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Lawmakers in the United Kingdom cannot seem to agree on when and how they would like to exit from the European Union. International Monetary Fund (IMF) lowers its guidance on global growth to just 3.5% in 2019. Chinese exports drop and its economy is slowing down in midst of trade tensions with the U.S. Why should any investor put money in international stocks?
While it is always tricky to foresee short-term (3, 6, 9, 12 month) returns with great certainty, we know a few facts that give us certain comfort holding international investments over the long-run.
First, international investment opportunity is enormous. Non-U.S. markets represent roughly three-quarters of the world GDP and half of the world stock market capitalization. Having a home-country bias and maintaining a 100% U.S.-based portfolio can significantly limit an investor’s ability to take advantage of major growth opportunities overseas, as there are 40,000 companies to invest in abroad, compared to only 4,000 domestic stocks.
Second, growth prospects for countries outside of the U.S., especially in emerging markets and Asian economies, are higher than domestic markets. While the U.S. is expected to grow 2% in 2019 according to most economists, global growth is expected to be in the 3-3.5% range, and emerging markets are expected to grow faster than 4% rate.
Third, stock market valuations, as measured by price-to-earnings multiples are much cheaper overseas; 12.9x for the MSCI All Country World ex-US Index vs 16.2x for the S&P 500 index, more than a 20% discount!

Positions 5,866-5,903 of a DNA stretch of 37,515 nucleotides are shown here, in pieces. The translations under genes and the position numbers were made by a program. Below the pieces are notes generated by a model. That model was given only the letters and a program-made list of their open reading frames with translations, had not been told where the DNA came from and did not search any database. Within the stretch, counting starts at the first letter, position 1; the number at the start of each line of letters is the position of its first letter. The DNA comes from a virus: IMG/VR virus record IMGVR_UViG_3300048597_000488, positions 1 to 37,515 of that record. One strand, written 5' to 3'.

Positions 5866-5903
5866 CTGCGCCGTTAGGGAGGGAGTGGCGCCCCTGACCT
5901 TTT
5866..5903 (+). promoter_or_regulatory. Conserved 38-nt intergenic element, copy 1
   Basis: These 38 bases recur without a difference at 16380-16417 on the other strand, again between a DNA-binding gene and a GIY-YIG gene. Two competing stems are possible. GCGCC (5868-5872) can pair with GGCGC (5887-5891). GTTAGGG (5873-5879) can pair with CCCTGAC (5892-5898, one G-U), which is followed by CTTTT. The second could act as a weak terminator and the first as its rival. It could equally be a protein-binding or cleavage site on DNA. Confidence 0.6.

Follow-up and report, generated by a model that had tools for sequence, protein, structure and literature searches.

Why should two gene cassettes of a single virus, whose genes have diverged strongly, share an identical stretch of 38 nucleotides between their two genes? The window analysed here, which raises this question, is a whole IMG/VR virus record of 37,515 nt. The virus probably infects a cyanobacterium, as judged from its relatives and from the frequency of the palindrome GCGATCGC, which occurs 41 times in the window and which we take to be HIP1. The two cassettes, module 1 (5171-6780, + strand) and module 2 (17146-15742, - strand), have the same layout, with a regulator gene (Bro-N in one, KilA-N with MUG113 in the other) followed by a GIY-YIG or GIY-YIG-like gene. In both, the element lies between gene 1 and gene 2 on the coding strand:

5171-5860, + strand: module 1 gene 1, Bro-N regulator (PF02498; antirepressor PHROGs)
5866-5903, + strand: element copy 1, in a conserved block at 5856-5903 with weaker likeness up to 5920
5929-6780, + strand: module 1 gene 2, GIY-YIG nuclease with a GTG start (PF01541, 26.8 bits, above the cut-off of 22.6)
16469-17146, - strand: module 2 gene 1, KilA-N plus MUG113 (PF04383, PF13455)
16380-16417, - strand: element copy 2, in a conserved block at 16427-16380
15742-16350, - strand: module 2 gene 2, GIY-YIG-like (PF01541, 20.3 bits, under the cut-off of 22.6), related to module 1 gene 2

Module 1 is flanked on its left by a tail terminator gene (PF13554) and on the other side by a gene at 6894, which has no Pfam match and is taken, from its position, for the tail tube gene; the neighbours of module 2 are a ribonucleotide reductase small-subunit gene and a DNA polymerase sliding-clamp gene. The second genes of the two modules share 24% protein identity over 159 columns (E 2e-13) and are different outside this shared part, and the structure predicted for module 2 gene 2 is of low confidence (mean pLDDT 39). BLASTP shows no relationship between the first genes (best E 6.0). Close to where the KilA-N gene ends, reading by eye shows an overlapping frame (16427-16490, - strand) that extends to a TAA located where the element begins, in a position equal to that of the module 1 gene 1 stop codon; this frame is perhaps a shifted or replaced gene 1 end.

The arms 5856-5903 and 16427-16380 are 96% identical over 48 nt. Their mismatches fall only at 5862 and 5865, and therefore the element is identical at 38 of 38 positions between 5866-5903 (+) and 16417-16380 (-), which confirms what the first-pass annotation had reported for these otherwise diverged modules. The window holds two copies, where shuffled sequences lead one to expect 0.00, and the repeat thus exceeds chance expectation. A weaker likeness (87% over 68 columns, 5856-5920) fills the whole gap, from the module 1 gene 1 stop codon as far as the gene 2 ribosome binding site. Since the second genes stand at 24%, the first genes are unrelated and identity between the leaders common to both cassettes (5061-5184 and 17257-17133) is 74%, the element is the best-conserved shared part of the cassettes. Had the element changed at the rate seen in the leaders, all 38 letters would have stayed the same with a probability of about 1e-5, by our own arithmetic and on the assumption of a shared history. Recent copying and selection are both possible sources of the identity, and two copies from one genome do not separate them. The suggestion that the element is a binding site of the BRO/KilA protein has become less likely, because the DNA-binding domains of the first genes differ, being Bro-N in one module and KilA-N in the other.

Fourth, after the recent strengthening of the U.S. Dollar due to rising domestic rates, currency factor is expected to turn from a headwind into a tailwind as the Dollar weakens, thereby adding to the potential local returns earned overseas. Historical analysis shows that domestic and international currencies and stocks move in a cycle of alternating outperformance. By way of example, international stocks outperformed domestic stocks 6 years in a row between 2002 and 2007.
All of these factors lead to better return prospects in international stocks than in domestic stocks. According to J.P. Morgan’s market outlook, long-term equity return expectations are 5.3% in U.S. markets, 6.0% for global stocks, and 8.50% for emerging markets equities. Goldman Sachs is more bullish with 7.7% return expectations for domestic stocks, 8.4% for international stocks, and 10.9% for emerging markets stocks over the next decade.
Higher returns naturally come with higher risk. Investors take on additional political, regulatory, and currency risks by investing internationally. However, these risks usually reward investors by improving portfolio diversification, lowering downside risk, and enhancing risk-adjusted returns.
Now is not the time to dump international stocks. On the contrary, now is the time to make sure that your portfolio has sufficient international exposure and global diversification. As you consider your investment opportunity set, just imagine a day you do not see or consume a product from Nestle, Toyota, Unilever, BP, Shell or Samsung, all headquartered outside of United States. We believe that every investor can benefit from having some exposure to international stocks.
Please do not hesitate to reach out to your representative at Beacon Trust with any questions as we are always available to answer them.
Erman Civelek, CFA, CFP, CAIA